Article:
It came in response to what Miller confessed was “really just personal advice for me”: how Nolan, as a prolific filmmaker and father of four, balances out a career and a life. “From a creative point of view, the process of growing up, the process of maturing, getting married, having kids, I’ve tried to use that in my work. I’ve tried to just always be driven by the things that were important to me. And I’m very fortunate to be able to work from home, and I can look out the window and see my younger kids playing on the grass, and that becomes the key image of Inception, because I’d rather be out there playing with them…”
“Surely you could, at this point,” Miller interjected, not unreasonably — after all, this is the filmmaker responsible for some of the most financially successful movies of the past decade, so he could certainly take some time off, if he so desired. What keeps him working?
“A feeling of responsibility for the opportunities that I’ve been given,” he admitted. “I’ve had opportunities as a filmmaker that a lot of filmmakers would kill for. So I feel a responsibility to try and do something with that, and really maximize it. And I think both Emma [Thomas, his wife and producer] and myself feel good about pushing the boundaries of studio filmmaking by taking on things that maybe they would give another filmmaker a harder time about.”
This is one of the peculiarities of Nolan’s career, which he and Miller discussed at some length: how he managed to start with the tiniest of budgets ($6,000 for his debut feature Following), and end up with what he calls “the incredible power of the studio machine” at his disposal — while still exploring the subjects and themes that interest him. “My studio filmmaking experience has been extremely positive, and I think a lot of that is chance,” he confesses. “A lot of that is, we get this idea with films that we’re making, that when they make money that gives everybody confidence, false confidence, thinking, ‘This guy knows how to make a film that makes money.’ Which is complete nonsense… I do attribute a lot of it to luck, and I’m not being falsely modest there.”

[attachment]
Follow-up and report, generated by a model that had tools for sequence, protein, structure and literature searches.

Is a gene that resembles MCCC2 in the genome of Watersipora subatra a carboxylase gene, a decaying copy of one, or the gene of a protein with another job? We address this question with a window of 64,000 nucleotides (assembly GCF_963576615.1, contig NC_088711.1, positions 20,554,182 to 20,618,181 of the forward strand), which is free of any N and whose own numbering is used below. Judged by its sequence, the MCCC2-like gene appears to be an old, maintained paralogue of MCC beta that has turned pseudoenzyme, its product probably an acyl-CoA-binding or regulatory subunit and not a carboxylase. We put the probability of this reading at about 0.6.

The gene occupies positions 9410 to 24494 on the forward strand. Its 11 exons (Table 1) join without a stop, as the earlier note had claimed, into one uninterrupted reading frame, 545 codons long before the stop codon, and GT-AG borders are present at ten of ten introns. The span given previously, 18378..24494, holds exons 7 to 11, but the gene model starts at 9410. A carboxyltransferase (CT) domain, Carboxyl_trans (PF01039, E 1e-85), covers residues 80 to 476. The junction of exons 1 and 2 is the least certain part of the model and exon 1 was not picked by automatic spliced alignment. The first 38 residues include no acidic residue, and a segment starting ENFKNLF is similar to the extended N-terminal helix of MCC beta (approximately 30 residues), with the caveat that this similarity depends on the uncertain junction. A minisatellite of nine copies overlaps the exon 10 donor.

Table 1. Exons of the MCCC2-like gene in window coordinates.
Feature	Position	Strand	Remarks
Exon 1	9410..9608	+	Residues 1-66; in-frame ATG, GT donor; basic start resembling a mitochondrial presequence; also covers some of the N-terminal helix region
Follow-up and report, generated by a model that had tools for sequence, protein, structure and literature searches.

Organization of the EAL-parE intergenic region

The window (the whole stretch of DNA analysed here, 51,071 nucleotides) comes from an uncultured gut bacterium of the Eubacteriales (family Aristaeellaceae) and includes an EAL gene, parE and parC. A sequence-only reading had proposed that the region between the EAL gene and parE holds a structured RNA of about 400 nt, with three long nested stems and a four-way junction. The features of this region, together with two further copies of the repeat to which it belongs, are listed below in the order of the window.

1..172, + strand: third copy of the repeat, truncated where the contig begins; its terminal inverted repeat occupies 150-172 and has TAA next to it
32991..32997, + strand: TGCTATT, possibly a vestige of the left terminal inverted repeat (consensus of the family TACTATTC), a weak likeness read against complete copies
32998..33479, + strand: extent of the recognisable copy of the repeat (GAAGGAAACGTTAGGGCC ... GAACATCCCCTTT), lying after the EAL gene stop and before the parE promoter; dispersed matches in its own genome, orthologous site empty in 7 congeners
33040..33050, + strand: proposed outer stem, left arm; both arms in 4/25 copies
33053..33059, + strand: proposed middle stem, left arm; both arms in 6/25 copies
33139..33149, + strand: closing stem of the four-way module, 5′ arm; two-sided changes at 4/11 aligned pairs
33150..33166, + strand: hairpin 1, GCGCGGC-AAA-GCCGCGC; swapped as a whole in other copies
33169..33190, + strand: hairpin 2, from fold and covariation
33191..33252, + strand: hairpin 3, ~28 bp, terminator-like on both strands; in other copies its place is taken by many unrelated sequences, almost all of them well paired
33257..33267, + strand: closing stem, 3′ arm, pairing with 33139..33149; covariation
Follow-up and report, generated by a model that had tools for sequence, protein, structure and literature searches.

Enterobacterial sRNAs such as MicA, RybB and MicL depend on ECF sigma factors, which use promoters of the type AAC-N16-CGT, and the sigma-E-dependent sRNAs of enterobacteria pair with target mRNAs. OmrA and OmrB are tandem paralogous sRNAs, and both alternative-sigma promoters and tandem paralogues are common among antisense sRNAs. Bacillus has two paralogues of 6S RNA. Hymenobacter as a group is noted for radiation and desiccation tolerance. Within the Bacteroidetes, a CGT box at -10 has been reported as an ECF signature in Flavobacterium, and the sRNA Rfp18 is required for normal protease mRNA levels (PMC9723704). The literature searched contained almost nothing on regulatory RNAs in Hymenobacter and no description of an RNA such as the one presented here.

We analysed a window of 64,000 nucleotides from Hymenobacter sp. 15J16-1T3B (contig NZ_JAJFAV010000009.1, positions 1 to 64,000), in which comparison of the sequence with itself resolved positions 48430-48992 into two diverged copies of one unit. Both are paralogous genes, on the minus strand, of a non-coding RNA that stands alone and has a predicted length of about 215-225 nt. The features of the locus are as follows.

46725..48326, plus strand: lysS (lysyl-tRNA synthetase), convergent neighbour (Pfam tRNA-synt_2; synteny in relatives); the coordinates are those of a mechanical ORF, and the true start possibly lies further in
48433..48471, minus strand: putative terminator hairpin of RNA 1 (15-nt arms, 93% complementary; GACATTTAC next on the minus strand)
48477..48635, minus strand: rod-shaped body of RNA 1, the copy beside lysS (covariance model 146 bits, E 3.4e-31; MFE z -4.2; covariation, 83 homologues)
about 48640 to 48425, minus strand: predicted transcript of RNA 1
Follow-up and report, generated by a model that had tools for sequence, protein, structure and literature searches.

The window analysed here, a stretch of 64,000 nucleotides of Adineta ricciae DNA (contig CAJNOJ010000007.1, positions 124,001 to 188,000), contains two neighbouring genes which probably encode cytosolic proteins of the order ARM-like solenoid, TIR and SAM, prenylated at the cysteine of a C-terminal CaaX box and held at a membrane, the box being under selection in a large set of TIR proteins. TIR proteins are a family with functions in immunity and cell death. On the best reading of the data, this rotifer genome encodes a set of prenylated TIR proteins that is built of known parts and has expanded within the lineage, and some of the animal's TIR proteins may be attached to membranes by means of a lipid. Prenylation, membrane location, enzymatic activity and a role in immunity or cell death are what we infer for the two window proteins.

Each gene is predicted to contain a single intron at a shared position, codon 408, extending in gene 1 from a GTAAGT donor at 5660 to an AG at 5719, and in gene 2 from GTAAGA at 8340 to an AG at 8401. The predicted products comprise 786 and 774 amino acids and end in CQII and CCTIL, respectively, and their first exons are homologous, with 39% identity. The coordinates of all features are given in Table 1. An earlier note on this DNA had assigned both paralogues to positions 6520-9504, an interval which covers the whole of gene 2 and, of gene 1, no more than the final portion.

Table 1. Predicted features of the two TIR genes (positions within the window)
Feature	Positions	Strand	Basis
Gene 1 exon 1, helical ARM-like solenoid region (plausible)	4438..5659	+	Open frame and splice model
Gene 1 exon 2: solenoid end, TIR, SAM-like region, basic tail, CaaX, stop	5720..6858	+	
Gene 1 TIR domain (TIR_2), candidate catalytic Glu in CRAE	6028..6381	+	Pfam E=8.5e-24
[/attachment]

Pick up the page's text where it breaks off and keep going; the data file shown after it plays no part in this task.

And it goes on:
“I probably think it’s less luck than you do,” Miller grinned. Earlier in the talk, he confessed some envy of Nolan’s confidence as a filmmaker, which Nolan attributes to “the fact that I’ve always enjoyed making films at whatever level I could.” This goes all the way back to his first Super 8 film series, inspired by his favorite movie Star Wars, the “imaginatively-titled Space Wars” (films he recently revisited, and “I was a little disappointed by how bad they were… I still remembered them as I wanted them to be, as I thought they were. They weren’t!”). Yet like all of his work, those films were just about the joy of creating, so now, Nolan says, “even if I couldn’t secure a huge budget on a project, and big stars or whatever, I’d make a film on a tabletop somewhere and be as invested in that as any bigger film.”
And though there were, unsurprisingly, a great number of filmmakers in the Tribeca audience, Miller wasn’t sure what to do with their implied obligation to offer advice, since “it’s such a curious profession, because there’s no prescription.” Nolan recalled the advice given to him when he was younger by the great Stephen Frears (the rather unhelpful, “Be a lucky man”), but offered up this much: “If you’re lucky enough to tell a story with a camera, at whatever scale you’re doing it, appreciate that as filmmaking. Don’t always be waiting for the ‘real’ film to come along, because you may be making the real film.”
The Tribeca Film Festival runs through April 26.